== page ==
By Kellen Beck
As the destructive Hurricane Laura has been making its way up from the Gulf of Mexico Wednesday and Thursday, players in the recently released Microsoft Flight Simulator noticed that they could fly right by a digital version of the massive storm thanks to the game’s live weather simulation.
It’s a viscerally impressive and imposing sight. To be able to get a clear look at a real-time approximation of Laura without any of the danger involved with being that close to the storm is a unique experience.
As a comparison to what it’s like to actually fly through a hurricane, here’s a video from National Oceanic and Atmospheric Administration pilot Nick Underwood.
— Tropical Nick Underwood (@TheAstroNick) August 26, 2020
Underwood flies through hurricanes to collect data that is used to better inform forecasters and improve the accuracy of their predictions, which in turn allows forecasters to warn people in the path of hurricanes like Laura earlier.
As they fly through storms, hurricane hunters, as these pilots are known as, deploy devices called dropsondes which collect data like temperature, pressure, humidity, and wind speed and direction, sending that information back up to the plane before they hit the water. Pilots also penetrate the eyes of hurricanes, as getting the location of the center of the eye is especially important information for forecasters plotting the path of hurricanes, according to HurricaneHunters.com.
While Flight Simulator pilots are not as vital to the understanding of hurricanes as pilots cruising through the real thing, the game pilots get to take different looks at Laura that can help show the scale of the storm that grew from a Category 3 into a Category 4 before it made landfall in east Texas and western Louisiana.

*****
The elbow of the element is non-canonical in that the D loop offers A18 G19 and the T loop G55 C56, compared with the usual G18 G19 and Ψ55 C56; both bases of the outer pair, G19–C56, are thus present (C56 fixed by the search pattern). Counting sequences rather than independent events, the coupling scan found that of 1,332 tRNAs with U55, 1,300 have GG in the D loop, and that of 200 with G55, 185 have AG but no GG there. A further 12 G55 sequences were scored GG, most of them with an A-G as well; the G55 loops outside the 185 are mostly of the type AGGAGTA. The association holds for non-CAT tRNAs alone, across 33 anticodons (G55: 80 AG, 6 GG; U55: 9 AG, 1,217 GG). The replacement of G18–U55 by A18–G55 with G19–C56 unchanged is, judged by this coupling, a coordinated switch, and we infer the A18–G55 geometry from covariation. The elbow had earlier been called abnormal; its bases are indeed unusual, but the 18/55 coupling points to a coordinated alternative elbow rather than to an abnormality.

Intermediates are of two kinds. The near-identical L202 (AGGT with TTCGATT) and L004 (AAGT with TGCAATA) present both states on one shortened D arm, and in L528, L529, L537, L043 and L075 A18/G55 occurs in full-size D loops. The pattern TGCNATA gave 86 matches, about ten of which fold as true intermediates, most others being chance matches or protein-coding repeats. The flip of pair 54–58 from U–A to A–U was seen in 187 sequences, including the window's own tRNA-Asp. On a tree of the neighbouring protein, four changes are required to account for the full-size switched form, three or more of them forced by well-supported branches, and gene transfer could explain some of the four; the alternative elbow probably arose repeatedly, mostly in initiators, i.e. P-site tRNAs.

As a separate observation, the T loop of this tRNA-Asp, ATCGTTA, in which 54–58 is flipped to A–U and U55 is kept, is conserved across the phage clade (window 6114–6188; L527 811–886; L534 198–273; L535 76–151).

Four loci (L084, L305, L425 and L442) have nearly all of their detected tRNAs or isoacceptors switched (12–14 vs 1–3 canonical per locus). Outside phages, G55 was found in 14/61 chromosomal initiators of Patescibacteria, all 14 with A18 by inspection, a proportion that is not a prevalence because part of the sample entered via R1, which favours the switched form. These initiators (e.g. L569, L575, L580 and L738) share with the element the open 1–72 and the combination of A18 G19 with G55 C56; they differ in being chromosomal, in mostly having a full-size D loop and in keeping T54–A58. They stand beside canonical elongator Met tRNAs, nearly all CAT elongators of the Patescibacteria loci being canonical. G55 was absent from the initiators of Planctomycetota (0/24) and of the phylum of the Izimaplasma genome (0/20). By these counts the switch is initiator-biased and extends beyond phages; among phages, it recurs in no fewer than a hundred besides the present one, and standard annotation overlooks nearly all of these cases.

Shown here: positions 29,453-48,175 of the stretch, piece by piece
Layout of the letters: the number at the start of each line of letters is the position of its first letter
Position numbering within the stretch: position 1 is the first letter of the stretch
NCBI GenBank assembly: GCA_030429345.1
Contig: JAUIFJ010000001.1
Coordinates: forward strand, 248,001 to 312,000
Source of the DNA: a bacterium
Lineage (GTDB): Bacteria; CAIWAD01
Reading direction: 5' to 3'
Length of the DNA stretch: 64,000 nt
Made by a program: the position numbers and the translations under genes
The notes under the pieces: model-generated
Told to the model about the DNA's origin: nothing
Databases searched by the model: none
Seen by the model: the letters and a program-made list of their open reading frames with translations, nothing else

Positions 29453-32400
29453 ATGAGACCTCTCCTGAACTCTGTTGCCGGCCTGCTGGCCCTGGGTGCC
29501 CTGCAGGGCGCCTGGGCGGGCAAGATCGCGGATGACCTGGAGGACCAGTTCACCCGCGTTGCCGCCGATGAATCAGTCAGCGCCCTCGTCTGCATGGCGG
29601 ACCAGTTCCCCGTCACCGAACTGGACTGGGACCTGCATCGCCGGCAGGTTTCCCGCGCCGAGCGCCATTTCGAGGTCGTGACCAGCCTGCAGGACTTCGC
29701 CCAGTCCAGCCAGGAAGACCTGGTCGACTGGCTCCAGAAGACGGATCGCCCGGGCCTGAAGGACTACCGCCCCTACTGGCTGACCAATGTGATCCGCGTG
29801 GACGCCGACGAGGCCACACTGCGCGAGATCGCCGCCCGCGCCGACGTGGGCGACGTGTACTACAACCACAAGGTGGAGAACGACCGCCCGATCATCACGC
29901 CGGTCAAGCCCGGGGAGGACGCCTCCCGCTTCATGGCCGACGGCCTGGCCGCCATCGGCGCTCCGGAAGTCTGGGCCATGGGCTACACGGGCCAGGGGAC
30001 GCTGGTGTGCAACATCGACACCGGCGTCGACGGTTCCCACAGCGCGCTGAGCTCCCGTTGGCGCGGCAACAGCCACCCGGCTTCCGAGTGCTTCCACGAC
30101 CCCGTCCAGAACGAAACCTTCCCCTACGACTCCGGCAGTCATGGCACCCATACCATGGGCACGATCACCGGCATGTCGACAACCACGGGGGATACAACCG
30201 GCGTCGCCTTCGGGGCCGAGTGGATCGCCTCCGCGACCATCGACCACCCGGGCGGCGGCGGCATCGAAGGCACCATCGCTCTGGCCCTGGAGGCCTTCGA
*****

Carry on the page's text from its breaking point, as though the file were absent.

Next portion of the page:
Flight Simulator pilots also have an aesthetic advantage of getting a look at the billowy cloud formations through a third-person view that isn’t affected by things like rain and high wind speeds.
Of course, the weather that’s represented in Microsoft Flight Simulator isn’t exactly perfect. In his own flight through the storm, Washington Post reporter Gene Park found it to be relatively calm and noted that the clouds don’t swirl like in a real hurricane.
But Flight Simulator still does an impressive job with its weather system. The simulated weather system is created in partnership with Meteoblue, a company that measures weather data around the world and can reconstruct patterns all over the world.
For Flight Simulator specifically, Meteoblue co-founder Mathias D. Muller explained in a video that they divide the world up into 250 million relatively small boxes including 60 vertical layers up to the stratosphere, each of which has its own temperature, pressure, wind speed, and precipitation. All of that data is stitched together with satellite image data from Bing maps to create realistic weather patterns.
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